2 dumb/challenging conventional wisdom questions:
- Why would anyone play 1.e4?
- How is Fischer's saying that 1.e4 is best by test consistent with his saying that 'chess is dead'? (Quotes below)
On Question 1: It seems that 1.e4 allows Black to choose the opening because
- French, Sicilian, Scandinavian, Caro-Kann and Alekhine's Defense and Open Game are pretty different, so playing 1.e4 would mean having to be familiar with all of those defenses.
- Meanwhile Budapest, Queen's and Benko Gambit and Grünfeld, Benoni and X-Indian Defense seem pretty similar or at least the differences here are lower compared to the differences in 1.e4 games.
Example: Sicilian Defense
This has a lot of variations. You can't possibly be as familiar with all variations. As Black, White will likely (for some reason) play 1.e4 so it's helpful if one reads books on variations of Sicilian Defenses, say, Pelikan. If someone knew I would play Pelikan, then I guess it would be helpful to study anti-Sicilian books namely the sections on Pelikan. Then again, all that preparation would be a waste if I pick another variation. So, okay that someone would study the rest of the sections of the anti-Sicilian books. But then if one day I just don't play Sicilian, then all anti-Sicilian study would be useless for that particular game. However, you could avoid having to play against Sicilian by simply playing 1.d4 (or chess960).
Similar can hold true for the other defenses. I mean, if you were going to study all those anti-Sicilian books, you'd also have to study those anti-Scandinavian, anti-French, anti-Alekhine books as well too, I think.
It seems that time is better spent studying tactics and endgames and simply playing 1.d4 (or chess 960) instead of spending all that time memorising variations that are not very likely to be played in any 1 game.
Example: London System vs X-Indian Defense
It seems that regardless of whatever Indian Defense black plays I can almost always reach this position.
If Black wants to play Caro-Kann/Slav or Queen's Gambit Reversed, that's fine too. There wouldn't be (as?) much variation.
On Question 2:
If chess depends a lot on opening theory and memorization to the point that keeping chess alive may need chess960, I don't see how 1.e4 is best by test when it seems to allow Black to show off Black's opening theory and memorization in an opening of Black's choosing.
To reduce opening theory advantage, I think 1.d4 is better than 1.e4.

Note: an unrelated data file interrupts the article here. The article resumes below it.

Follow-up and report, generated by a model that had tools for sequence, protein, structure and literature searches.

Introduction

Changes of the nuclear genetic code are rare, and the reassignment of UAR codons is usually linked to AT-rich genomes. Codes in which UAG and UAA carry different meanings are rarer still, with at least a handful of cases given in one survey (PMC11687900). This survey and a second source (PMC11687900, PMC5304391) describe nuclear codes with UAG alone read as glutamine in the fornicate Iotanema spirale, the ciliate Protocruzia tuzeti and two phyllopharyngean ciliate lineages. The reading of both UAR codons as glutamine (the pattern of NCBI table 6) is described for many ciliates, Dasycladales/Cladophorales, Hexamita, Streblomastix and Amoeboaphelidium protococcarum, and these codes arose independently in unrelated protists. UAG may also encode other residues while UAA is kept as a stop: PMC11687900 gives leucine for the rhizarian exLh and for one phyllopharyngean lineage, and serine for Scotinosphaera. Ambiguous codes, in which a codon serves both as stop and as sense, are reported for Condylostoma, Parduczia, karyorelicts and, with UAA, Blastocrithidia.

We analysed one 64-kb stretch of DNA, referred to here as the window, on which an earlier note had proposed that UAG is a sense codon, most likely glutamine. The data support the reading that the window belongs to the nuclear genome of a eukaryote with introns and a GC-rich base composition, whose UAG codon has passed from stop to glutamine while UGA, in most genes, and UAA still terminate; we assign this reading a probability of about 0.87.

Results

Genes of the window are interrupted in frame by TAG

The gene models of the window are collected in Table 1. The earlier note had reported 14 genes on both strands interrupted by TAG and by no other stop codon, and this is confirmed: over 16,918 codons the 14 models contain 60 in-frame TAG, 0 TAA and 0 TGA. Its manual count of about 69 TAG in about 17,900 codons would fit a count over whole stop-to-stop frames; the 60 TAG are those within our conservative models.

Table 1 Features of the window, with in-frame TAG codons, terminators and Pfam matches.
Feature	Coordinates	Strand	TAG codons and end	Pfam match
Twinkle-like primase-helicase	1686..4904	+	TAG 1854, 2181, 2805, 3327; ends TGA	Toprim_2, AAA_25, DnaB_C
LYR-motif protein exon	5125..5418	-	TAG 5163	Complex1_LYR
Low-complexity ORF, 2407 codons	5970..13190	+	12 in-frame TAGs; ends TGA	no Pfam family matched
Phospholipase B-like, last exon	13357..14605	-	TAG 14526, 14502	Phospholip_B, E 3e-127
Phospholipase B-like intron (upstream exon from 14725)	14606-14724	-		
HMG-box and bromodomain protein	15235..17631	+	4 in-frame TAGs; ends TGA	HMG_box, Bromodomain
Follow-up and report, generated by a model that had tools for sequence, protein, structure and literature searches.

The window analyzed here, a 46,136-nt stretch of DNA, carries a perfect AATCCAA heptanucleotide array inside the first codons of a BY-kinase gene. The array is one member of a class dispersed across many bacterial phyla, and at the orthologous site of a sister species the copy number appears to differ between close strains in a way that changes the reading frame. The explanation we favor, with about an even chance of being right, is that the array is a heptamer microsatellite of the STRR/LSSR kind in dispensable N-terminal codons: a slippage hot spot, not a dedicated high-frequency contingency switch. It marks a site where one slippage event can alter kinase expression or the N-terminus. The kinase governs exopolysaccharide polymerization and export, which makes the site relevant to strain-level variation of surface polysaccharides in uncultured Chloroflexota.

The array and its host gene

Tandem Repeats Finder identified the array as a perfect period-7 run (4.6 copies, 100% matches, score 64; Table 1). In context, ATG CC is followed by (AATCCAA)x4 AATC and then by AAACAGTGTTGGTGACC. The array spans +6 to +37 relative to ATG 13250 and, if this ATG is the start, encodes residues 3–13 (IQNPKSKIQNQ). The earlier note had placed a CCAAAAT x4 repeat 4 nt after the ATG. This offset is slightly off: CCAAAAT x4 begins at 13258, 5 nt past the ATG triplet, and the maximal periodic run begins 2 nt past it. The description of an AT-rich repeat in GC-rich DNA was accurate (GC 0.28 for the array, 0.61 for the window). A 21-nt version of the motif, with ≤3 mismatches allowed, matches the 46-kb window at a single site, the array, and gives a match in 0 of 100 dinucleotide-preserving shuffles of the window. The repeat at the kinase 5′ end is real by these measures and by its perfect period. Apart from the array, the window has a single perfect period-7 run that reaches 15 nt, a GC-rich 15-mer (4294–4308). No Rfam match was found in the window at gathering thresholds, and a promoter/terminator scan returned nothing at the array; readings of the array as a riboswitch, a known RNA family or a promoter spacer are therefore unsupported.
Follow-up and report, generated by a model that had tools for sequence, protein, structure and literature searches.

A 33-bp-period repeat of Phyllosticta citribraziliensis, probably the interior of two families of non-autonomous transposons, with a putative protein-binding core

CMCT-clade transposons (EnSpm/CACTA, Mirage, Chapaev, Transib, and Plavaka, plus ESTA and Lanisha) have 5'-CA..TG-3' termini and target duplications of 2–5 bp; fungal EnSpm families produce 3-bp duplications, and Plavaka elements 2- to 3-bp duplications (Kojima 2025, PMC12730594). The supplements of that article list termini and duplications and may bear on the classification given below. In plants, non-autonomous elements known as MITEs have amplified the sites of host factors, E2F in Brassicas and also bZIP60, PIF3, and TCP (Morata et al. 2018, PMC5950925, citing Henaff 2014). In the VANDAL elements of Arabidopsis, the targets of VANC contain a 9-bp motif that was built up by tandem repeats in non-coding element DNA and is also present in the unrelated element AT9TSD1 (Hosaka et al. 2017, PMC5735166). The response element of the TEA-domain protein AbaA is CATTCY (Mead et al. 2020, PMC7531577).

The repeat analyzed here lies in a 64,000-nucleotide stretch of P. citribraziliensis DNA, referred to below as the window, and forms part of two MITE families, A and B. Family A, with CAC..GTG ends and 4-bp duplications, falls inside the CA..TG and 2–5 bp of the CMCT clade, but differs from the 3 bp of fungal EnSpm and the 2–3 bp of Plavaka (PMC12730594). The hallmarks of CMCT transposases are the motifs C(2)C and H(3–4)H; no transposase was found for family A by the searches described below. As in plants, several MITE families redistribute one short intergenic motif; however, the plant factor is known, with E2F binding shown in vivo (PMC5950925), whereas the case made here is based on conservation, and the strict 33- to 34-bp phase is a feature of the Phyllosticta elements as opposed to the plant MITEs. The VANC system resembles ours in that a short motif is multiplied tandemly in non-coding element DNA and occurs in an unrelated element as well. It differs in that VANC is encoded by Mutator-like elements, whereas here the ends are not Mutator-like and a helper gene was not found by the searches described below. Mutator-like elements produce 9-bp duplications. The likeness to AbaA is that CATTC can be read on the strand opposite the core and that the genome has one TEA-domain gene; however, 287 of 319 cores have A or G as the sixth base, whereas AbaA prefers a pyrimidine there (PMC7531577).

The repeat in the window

Perhaps Fischer's best by test became only vacuously true when chess died. Idk.
I'm a former chess enthusiast who once reached 1900 on chesscube some years ago. I really hated studying openings so when I was not playing chess960, I played London System for White and Pelikan/1.Nf6 as Black. When I entered a tournament one day, for the first time since I had learned Pelikan, I was surprised White (my opponent who played White) replicated the exact opening theory of Pelikan. I'm assuming White memorised it, in which case I really don't see the point. It's not very likely that Black (some random opponent who would play Black, in this case, myself) will play Pelikan if Black plays Sicilian, and it's not very likely Black will play Sicilian. It seemed that time would have been better spent studying tactics and endgames and simply playing 1.d4 (or chess 960) instead of spending all that time memorising a variation that's not very likely to be played.
In case of wrong assumptions:
Well these are dumb questions so likely some assumptions are wrong, in which case please point and explain why they are wrong.
For example: Okay sure it could be that there is much variation in 1.d4 games even if there isn't as much as compared to 1.e4 games, but -- wait really? How? Even if one keeps sticking to London system? Or is it that it's bad to keep sticking to this one opening so one should really learn 1.e4 or quit for chess960?
Finally Fischer quotes:
In chess so much depends on opening theory, so the champions before the last century did not know as much as I do and other players do about opening theory. So if you just brought them back from the dead they wouldn’t do well. They’d get bad openings. You cannot compare the playing strength, you can only talk about natural ability. Memorization is enormously powerful. Some kid of fourteen today, or even younger, could get an opening advantage against Capablanca, and especially against the players of the previous century, like Morphy and Steinitz. Maybe they would still be able to outplay the young kid of today. Or maybe not, because nowadays when you get the opening advantage not only do you get the opening advantage, you know how to play, they have so many examples of what to do from this position. It is really deadly, and that is why I don’t like chess any more.
Now chess is completely dead. It is all just memorization and prearrangement. It’s a terrible game now. Very uncreative.